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If global leaders fail to finger debt, how can we save the world?

It is mind-boggling that the leaders currently convened in Davos for the World Economic Forum can discuss a myriad of economic elements still lingering on a precipice, but every single one fails to name debt as the number one problem of the global economy.
Debt is being discussed all the time at this august meeting. It is looked at from all angles, dissected, proportioned, pushed, pulled, restructured, and every imaginable solution offered for how to handle the debt, but not a single presenter bluntly said, there is too much debt and it is killing the world economy.
The annual meeting of the World Economic Forum (WEF) started on Wednesday in Davos, Switzerland. This is the meeting that has been marred by serious protests in preceding years but this week the low media profile of the first two days was very obvious. One really had to dig to find information on the WEF sessions, other than the official press releases sent out in a flood. Even the BBC that usually gives this meeting wide exposure, only ran a single blurp with four items.

But it is not the attention the WEF receives that interests me, it is the actual opinions expressed by the various world leaders and the numerous experts. And this is where I picked up that, in my view, the core problem namely debt, is discussed and analysed in all its multiple facets, but not a single opinion on how to reduce it.
Immediately after the 2008 financial crisis, cyberspace was flooded with opinion how to solve the crisis, and there were many experts proposing all sorts of temporary solutions. One of my favourites  came from an analyst in America stating “you can’t borrow your way out of debt.” In the ensuing years since, this obvious truth has been widely discredited and even in academic circles, usually more prone to honest analyses, sentiment has shifted to believing “you can actually borrow your way out of your current indebtedness, as long as you lay it on the necks of the next three generations.”
When the leaders at Davos talk about “reshaping the world”, I become an instant skeptic if I do not hear solutions for the reduction of debt, not as a percentage of some or other macro-economic measure, but in absolute, nominal terms. Nobody at Davos this week, sees the reduction of debt as the long-term solution to all the economic ails.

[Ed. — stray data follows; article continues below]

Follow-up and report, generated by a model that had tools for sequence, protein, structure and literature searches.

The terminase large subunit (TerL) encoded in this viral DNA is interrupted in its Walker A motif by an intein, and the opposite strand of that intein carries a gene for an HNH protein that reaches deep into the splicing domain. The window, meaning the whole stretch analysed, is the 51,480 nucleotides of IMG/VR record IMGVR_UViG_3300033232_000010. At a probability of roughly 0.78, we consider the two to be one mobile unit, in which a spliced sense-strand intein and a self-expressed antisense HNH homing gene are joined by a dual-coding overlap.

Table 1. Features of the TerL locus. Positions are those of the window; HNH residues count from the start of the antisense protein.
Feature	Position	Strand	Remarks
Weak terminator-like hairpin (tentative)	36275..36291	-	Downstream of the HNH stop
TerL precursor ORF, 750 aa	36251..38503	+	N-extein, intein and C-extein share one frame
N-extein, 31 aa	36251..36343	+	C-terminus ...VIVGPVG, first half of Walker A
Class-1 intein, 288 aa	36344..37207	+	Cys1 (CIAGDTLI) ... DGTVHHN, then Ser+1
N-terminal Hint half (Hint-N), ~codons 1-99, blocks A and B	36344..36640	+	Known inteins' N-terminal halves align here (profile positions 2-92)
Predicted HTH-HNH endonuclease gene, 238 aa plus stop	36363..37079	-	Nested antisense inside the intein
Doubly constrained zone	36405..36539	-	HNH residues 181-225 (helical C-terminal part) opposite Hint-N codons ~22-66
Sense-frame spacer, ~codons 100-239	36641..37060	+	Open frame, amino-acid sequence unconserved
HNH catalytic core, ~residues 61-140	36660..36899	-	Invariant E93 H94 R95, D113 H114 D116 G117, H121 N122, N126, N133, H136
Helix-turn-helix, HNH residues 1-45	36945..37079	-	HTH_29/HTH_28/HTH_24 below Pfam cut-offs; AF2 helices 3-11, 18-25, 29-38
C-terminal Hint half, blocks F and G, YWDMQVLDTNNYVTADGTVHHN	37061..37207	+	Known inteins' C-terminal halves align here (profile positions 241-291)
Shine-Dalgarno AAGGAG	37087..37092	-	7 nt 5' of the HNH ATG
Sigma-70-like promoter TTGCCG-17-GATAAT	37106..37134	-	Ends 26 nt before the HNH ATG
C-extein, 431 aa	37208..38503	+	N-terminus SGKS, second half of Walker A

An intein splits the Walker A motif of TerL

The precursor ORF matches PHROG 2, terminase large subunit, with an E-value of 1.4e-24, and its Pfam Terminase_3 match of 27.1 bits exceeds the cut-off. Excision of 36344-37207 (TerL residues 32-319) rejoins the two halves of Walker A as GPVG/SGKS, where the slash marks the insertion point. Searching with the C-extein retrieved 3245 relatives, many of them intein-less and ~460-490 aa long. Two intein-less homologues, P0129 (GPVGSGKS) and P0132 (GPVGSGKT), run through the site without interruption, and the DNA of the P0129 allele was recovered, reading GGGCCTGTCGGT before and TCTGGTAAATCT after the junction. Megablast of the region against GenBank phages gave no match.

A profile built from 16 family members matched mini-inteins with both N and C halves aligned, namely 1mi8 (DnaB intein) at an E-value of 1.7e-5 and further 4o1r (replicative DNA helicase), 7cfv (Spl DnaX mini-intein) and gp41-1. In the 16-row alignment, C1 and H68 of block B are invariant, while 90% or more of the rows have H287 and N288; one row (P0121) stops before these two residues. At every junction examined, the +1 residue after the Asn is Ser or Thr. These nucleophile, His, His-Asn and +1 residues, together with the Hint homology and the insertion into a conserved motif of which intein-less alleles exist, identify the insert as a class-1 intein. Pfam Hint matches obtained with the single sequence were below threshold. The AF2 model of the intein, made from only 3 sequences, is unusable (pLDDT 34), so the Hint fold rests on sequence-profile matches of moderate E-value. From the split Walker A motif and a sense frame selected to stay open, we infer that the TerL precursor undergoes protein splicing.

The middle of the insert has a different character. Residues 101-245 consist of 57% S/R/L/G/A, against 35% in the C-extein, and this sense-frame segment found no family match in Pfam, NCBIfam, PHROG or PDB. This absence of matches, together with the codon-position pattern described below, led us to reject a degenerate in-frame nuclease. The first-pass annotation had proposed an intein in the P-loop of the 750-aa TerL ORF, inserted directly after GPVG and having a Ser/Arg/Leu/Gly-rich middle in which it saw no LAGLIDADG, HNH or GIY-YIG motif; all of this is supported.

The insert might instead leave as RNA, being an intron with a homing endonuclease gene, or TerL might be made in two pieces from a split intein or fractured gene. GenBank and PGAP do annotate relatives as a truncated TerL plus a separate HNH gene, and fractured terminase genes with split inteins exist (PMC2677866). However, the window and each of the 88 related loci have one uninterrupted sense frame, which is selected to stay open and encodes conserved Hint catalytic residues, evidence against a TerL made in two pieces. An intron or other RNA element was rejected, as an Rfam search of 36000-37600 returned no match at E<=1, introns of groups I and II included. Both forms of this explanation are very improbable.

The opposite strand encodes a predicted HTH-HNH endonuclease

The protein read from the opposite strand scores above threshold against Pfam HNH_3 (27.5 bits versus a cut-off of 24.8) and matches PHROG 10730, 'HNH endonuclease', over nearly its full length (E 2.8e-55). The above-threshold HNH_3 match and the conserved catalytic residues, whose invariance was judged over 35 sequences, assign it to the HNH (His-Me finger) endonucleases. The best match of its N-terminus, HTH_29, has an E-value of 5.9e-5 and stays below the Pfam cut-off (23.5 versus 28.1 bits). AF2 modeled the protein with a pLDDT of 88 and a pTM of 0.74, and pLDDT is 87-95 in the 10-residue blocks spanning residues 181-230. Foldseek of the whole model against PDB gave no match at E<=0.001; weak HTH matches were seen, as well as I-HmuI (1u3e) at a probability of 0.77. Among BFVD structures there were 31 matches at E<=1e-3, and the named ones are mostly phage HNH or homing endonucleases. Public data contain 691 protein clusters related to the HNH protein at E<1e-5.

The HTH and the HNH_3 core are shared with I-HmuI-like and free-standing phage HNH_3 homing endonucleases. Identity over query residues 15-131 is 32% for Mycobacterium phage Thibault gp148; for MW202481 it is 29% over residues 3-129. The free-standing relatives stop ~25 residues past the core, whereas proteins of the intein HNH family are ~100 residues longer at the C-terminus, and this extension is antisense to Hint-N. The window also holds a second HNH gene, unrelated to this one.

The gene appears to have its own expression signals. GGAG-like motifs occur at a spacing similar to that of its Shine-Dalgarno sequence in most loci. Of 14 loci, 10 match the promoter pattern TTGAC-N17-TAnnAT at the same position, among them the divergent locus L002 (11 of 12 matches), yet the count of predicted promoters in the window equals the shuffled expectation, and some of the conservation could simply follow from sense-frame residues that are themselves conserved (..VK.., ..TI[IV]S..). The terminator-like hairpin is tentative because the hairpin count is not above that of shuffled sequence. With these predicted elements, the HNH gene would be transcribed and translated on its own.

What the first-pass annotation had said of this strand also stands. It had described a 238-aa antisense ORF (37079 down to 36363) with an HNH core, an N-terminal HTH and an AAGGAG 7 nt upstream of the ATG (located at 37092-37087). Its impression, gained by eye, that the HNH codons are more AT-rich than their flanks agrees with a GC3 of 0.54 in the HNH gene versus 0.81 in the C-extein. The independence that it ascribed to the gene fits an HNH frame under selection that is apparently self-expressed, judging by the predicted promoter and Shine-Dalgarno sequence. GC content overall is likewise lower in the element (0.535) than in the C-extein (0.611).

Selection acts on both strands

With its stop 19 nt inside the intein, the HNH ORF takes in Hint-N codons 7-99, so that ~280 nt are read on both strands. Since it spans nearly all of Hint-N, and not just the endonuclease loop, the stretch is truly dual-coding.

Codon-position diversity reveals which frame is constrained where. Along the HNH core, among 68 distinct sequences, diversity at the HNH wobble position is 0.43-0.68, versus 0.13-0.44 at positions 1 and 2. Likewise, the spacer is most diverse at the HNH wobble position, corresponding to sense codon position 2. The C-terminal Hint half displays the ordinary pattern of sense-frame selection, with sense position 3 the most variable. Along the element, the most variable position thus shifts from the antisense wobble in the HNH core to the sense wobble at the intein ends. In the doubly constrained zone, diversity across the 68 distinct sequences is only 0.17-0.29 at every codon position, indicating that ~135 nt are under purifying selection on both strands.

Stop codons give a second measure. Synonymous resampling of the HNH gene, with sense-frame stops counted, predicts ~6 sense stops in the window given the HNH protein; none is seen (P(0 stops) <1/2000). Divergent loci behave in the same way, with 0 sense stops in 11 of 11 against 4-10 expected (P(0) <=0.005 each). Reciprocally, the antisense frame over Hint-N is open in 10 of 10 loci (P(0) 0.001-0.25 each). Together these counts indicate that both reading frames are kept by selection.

Europe and European conditions are discussed in great detail. Labour market inflexibility is named by several experts, but not a word on debt. The cost of debt and the sustainability of debt, and eventually the growth of debt, all feature on the radar rather prominently. Even the willingness of bond investors to stay in debt markets in southern Europe, is discussed, and the impact of their exit is named repeatedly, but bringing down that debt does not feature.
I gather that the latest wisdom on reshaping the world has departed far from the common sense observation that pre-crisis debt, current debt, growing debt, and the debt overhang, will still kill the world slowly, as long as it is bearable, not too painful, and does not happen on the watch of the current set of political leaders, in whichever country you chose as an example.
The focus is all on growth and on sovereign debt, but it seems to me all the experts forget that there will be no significant growth as long as debt on household balance sheets remain a pressing issue. Ultimately, it looks as if it is forgotten conveniently that in a consumer society and economy, you can stimulate as much as you want, and you can inflate banks’ balance sheets as much as you want, but as long as the consumer chooses not to come to the party, growth will remain a mirage.
I don’t think it helps the world economy one bit, least of all us in Africa, to state that 1% GDP growth must be seen as the new norm for developed economies. That is stating the obvious, but it avoids addressing the core issue why economic growth is so low, and will remain so for another decade. I do not need a panel of experts to tell me the world economy is trapped in a low-growth environment, and it can be cladded in any form of academic or quasi-academic economese, the basic fact remains: the debt overhang is dragging down the world economy.
Another obvious observation that borders on the imbecilic, was the statement that Europe must create jobs. Now that is a topic we in Africa know everything about, but the Davos crowd does not seem to get it. As long as consumers are so indebted that they can not even stretch their necks, the economy will not grow and as long as it does not grow, the jobs will not magically appear from some daft policy.

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Sanlam 2018 Annual Results

7 March 2019


Sanlam’s 2018 annual results provides testimony to its resilience amid challenging operating conditions and negative investment markets

Sanlam today announced its operational results for the 12 months ended 31 December 2018. The Group made significant progress in strategic execution during 2018. This included the acquisition of the remaining 53% stake in SAHAM Finances, the largest transaction concluded in the Group’s 100-year history, and the approval by Sanlam shareholders of a package of Broad-based Black Economic Empowerment (B-BBEE) transactions that will position the Group well for accelerated growth in its South African home market.

Operational results for 2018 included 14% growth in the value of new life insurance business (VNB) on a consistent economic basis and more than R2 billion in positive experience variances, testimony to Sanlam’s resilience in difficult times.

The Group relies on its federal operating model and diversified profile in dealing with the challenging operating environment, negative investment markets and volatile currencies. Management continues to focus on growing existing operations and extracting value from recent corporate transactions to drive enhanced future growth.

The negative investment market returns and higher interest rates in a number of markets where the Group operates had a negative impact on growth in operating earnings and some other key performance indicators. This was aggravated by weak economic growth in South Africa and Namibia and internal currency devaluations in Angola, Nigeria and Zimbabwe.

Substantial growth in Santam’s operating earnings (net result from financial services) and satisfactory growth by Sanlam Emerging Markets (SEM) and Sanlam Corporate offset softer contributions from Sanlam Personal Finance (SPF) and Sanlam Investment Group (SIG).

Key features of the 2018 annual results include:

Net result from financial services increased by 4% compared to the same period in 2017;

Net value of new covered business up 8% to R2 billion (up 14% on a consistent economic basis);